Since the mid-1990s, the State Department has kept an official list of states that sponsor terror—a list that included, back then, Iran, Syria, North Korea, Libya, and Iraq. No new states have been added in some time; in fact, several have been taken off the list: Iraq, after the regime was changed; Libya, after Qaddafi cut a deal with the U.S. that included restitution for the victims of the terror attack over Lockerbie, Scotland; and most recently North Korea has been dropped, for no apparent reason. The list has teeth: in addition to various sanctions, states appearing on the list lose their sovereign immunity in American courts in terror cases, because a state engaging in terrorism, the reasoning goes, is no longer acting in its capacity as a state and should therefore be subject to the same criminal and civil proceedings as anyone else engaging in wanton violence.
One wonders whether it’s time for Venezuela to be added to the list. For many years, its neighbor and close American ally, Colombia, has suspected Venezuela of actively supporting the FARC rebels, which the U.S. has designated a terrorist organization. But according to at least one high-ranking Israeli military official, FARC is not the only such group enjoying the Venezuelan regime’s support: Hezbollah, it turns out, has established a major presence there as well, supported by the regime in “investing significant efforts to carry out terrorist attacks against Israeli targets and Jewish institutions in Brazil, Argentina, Uruguay, Paraguay, and Peru,” according to today’s YNet.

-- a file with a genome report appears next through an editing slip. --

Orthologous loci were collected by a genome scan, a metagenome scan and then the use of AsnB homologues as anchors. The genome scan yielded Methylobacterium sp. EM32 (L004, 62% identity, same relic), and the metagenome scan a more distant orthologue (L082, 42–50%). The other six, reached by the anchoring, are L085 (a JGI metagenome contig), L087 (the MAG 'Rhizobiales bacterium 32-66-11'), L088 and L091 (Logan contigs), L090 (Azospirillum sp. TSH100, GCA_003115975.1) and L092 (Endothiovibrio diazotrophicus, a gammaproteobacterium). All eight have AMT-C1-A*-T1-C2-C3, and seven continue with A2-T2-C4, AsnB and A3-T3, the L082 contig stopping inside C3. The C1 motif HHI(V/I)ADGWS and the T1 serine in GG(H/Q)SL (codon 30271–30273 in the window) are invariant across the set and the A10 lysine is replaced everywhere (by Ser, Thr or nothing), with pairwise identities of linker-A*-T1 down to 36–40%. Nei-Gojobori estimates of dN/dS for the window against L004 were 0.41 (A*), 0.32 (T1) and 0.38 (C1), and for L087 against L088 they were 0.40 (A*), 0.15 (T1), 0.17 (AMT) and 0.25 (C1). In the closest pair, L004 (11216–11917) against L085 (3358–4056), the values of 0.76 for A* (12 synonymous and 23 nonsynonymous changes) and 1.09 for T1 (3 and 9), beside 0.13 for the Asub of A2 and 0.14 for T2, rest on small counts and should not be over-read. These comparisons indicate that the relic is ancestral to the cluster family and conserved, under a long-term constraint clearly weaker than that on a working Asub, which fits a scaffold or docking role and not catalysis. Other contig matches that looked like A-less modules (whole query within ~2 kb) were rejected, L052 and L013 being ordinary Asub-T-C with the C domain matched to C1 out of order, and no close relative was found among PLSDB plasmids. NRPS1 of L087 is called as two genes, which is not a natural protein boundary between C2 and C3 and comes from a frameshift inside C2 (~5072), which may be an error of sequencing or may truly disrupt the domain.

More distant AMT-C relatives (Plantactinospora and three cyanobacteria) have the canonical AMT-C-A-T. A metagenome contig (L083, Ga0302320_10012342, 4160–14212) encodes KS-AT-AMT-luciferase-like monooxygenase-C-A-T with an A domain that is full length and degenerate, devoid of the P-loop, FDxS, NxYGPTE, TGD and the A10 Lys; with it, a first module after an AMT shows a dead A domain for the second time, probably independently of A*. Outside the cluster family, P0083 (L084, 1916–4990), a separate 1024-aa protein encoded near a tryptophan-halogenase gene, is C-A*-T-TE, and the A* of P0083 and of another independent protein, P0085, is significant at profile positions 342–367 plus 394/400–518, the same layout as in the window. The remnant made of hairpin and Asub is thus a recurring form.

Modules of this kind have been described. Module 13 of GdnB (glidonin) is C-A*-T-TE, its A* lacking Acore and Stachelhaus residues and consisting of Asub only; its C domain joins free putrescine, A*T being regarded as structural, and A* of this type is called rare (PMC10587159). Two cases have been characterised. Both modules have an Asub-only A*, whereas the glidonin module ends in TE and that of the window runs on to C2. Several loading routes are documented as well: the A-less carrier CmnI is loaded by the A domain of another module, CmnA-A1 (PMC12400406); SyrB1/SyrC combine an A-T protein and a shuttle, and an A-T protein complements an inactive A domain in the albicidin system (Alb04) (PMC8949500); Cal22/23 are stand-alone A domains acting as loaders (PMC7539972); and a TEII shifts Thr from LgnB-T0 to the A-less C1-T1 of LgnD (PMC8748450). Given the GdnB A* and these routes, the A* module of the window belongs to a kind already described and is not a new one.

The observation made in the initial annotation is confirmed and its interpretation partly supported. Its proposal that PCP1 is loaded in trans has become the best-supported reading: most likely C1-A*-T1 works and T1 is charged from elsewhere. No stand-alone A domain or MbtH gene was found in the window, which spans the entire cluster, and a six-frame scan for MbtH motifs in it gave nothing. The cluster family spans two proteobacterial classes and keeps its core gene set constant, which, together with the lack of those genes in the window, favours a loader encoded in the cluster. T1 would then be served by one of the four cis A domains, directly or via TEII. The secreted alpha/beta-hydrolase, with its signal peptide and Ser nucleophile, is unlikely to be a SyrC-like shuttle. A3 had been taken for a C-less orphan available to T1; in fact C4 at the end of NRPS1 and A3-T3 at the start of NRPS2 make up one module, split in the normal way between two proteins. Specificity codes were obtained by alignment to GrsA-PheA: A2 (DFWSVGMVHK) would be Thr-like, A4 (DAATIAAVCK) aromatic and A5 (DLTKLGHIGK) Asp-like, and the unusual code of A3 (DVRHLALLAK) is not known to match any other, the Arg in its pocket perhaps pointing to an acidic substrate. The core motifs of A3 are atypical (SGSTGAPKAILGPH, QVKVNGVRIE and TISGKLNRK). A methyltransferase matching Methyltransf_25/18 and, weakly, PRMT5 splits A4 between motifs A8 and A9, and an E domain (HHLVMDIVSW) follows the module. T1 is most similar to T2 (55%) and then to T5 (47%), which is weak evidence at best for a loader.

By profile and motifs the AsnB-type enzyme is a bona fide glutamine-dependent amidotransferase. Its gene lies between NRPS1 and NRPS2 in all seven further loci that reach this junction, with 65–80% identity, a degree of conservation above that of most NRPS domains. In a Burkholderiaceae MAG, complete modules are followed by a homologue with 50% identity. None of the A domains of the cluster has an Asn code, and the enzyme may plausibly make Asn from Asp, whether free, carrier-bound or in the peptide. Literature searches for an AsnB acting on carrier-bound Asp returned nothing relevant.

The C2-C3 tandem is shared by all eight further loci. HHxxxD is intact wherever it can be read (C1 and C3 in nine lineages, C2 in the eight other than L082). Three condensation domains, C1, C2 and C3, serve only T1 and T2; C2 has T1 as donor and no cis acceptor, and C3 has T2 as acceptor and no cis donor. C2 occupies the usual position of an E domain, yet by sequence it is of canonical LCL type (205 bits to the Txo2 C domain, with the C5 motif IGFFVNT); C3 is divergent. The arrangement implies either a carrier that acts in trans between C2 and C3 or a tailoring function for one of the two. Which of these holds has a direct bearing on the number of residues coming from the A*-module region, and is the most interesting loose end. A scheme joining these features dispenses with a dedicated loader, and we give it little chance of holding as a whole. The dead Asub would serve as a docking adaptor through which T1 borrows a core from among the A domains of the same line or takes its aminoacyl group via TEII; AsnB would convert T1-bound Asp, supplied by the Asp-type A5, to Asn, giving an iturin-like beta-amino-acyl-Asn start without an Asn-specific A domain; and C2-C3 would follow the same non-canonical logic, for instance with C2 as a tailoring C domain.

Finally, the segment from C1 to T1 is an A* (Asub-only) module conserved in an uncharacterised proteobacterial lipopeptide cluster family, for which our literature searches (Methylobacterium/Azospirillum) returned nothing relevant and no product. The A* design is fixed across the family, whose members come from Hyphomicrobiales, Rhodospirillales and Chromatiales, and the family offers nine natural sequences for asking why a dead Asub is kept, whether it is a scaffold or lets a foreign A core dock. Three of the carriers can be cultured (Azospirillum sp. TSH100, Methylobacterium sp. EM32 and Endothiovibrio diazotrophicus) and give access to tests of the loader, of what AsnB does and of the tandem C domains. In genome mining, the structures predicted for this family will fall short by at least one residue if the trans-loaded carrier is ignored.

Obviously, the State Department should not take the Israelis’ or the Colombians’ word for it and must conduct a thorough inquiry before making any moves. Yet the failure to dig deeper suggests a dramatic shift in U.S. policy on international terror when compared with not only the Bush administration but the will of Congress as well. Since 9/11, U.S. policy and law have aimed at showing zero tolerance for terrorism, the centerpiece of which strategy has been to make sovereign states accountable for the terrorism they support—not just through the occasional military replacement of their regimes, as in Afghanistan and Iraq, but also through a wide range of legal and diplomatic sanctions.
So here’s a question someone should ask at Secretary of State Clinton’s next press conference: By ignoring the increasing accusations against Venezuela of actively helping multiple terrorist organizations, is the Obama administration signaling a change in policy toward terror-sponsoring states in general?